For the first time, Apple won't be at the annual Macworld trade show, scheduled this year for Feb. 9-13. But CEO Steve Jobs and his team will still make the next few months interesting. Apple has scheduled a press briefing for Jan. 26 in San Francisco, and Apple watchers are salivating at the prospect of a tablet computer that looks like an iPhone on steroids.
A MacInsider report that Apple registered the domain name islate.com at least as far back as 2007 fueled rumors that the tablet may be named iSlate. While Apple has steadfastly refused to comment on the rumors, there is a consensus among the Apple cognoscenti that the device will be a 10-inch-wide tablet, not much thicker than an iPhone, feature the same multi-touch screen as the iPhone and iPod touch, be keyboard-free, and support music, video, e-books and iPhone apps. The price is rumored to be around $800.
The iSlate is exciting not just Apple "fanboys" but also Wall Street. Apple's stock has reached unknown heights in recent weeks as the rumor mills started going crazy. The stock price has risen from $192 on Dec. 18 to about $211 on New Year's Eve, giving the company a market capitalization of $190 billion.
Is Content King?
There are also rumors that Apple is cutting content deals with publishers, broadcasters and movie studios, suggesting Apple intends its device to be a Kindle killer. An influential review in The New Yorker magazine panned Amazon's Kindle e-book reader and said reading books on the iPod touch was a superior experience.
Is the crazed enthusiasm appropriate? Will consumers really flock to Apple stores to pay close to $1,000 -- far more than a Kindle -- just to watch YouTube videos on a larger screen? Some analysts believe that by cutting content deals, Apple could make its tablet a must-have device. "The driver behind it will be content," said Kathryn Huberty, a Morgan Stanley analyst
A Financial Times story reported that Apple is in talks with CBS and Disney about a new subscription-based service to watch television shows over the Internet. While Apple sells many TV shows for download and other services like Hulu.com allow viewers to watch shows on a computer, no "killer app" for Internet TV has emerged. The Apple tablet could be the right form factor -- much bigger than an iPhone and much more mobile than a laptop -- to help online TV-watching take off.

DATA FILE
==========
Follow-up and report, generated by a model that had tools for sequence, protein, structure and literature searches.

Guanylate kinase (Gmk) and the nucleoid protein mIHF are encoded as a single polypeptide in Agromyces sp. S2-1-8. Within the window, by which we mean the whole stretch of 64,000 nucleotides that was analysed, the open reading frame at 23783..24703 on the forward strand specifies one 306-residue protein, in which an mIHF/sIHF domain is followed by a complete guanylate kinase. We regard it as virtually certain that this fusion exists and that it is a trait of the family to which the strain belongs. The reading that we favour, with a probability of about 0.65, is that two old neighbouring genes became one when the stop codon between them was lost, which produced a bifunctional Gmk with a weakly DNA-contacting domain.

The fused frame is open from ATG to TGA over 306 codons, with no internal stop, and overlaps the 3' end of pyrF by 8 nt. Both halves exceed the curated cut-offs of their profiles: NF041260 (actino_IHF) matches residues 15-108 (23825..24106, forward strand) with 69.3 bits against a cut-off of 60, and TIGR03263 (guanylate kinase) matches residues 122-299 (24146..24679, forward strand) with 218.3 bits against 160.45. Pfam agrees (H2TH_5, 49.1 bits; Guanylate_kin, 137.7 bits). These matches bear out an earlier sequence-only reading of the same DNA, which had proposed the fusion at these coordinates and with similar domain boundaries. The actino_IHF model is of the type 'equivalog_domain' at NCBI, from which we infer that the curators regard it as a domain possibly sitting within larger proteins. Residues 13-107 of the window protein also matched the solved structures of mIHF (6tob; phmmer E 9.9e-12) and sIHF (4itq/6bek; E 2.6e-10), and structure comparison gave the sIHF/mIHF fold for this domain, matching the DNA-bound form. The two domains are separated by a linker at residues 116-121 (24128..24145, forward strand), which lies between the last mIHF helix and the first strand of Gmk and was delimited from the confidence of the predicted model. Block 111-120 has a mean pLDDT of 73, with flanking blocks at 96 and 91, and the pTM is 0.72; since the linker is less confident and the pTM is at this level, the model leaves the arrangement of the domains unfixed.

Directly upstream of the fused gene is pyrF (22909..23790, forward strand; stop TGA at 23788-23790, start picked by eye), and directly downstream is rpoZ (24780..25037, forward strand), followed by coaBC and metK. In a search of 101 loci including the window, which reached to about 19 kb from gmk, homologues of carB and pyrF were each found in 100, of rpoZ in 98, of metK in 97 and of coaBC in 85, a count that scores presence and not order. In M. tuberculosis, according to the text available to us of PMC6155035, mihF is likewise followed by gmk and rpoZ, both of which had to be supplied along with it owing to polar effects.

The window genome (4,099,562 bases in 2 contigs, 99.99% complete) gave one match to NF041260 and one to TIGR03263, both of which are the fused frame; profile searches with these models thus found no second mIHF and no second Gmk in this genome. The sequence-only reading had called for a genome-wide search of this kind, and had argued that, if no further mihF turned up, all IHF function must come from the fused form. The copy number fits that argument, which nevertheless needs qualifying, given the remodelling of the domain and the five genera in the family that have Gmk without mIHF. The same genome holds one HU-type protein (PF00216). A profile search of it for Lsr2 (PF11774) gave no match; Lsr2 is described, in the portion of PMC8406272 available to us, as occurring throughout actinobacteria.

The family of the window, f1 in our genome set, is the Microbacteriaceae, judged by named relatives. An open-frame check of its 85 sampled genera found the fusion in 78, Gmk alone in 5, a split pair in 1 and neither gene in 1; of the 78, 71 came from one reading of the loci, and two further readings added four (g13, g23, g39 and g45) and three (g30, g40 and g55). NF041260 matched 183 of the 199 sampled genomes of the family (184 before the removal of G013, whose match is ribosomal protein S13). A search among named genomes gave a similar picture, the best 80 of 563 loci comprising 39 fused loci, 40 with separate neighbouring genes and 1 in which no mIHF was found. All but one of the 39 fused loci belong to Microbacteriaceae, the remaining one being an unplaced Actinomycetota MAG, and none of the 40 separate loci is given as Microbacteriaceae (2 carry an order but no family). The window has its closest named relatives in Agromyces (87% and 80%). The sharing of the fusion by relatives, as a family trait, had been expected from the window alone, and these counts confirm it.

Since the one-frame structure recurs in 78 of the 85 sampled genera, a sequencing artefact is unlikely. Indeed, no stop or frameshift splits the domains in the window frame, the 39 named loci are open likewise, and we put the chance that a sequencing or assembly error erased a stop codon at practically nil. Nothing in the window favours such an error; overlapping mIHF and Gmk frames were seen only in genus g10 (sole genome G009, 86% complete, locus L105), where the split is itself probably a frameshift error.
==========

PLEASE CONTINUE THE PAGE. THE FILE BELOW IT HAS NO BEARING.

The Times also reported that Time. Inc. and Conde Nast are developing digital prototypes of their magazines for tablet-sized devices.
But Greg Sterling, principal analyst with Sterling Market Research, doubts content alone will make a difference. "Pricing is the big factor," he said. "If it's priced at $700-$900, it's going to be pretty hard to sell and I don't think people will buy it because of special deals with content providers."
Apple's iPhone was originally priced at $600 but didn't become a runaway hit until the price dropped to $199 and even $99 under subsidized AT&T subscription plans. "They may be able to get away with $500-$600," Sterling said. "A lot depends on what shows up -- if you can do a lot of stuff, you get full Internet plus all these content deals, and it's this great all-in-one device, it may be pretty compelling."
Tim Bajarin, principal analyst with Creative Strategies, said in an e-mail that extending Apple's proven ecosystem to books, magazines and newspapers creates "intriguing potential" for the tablet. "Major publishers are looking for a way to re-invent books, magazines and newspapers, and tablets in general could become powerful mediums to deliver next-generation content that includes not only text, but video and 3-D graphics in the future," he said.
While news publishers have been unable to convince consumers to pay for the content they've been giving away on the web, "Apple has created a culture in which people are accustomed to paying for content," Sterling said. "It's a new medium with new features and benefits."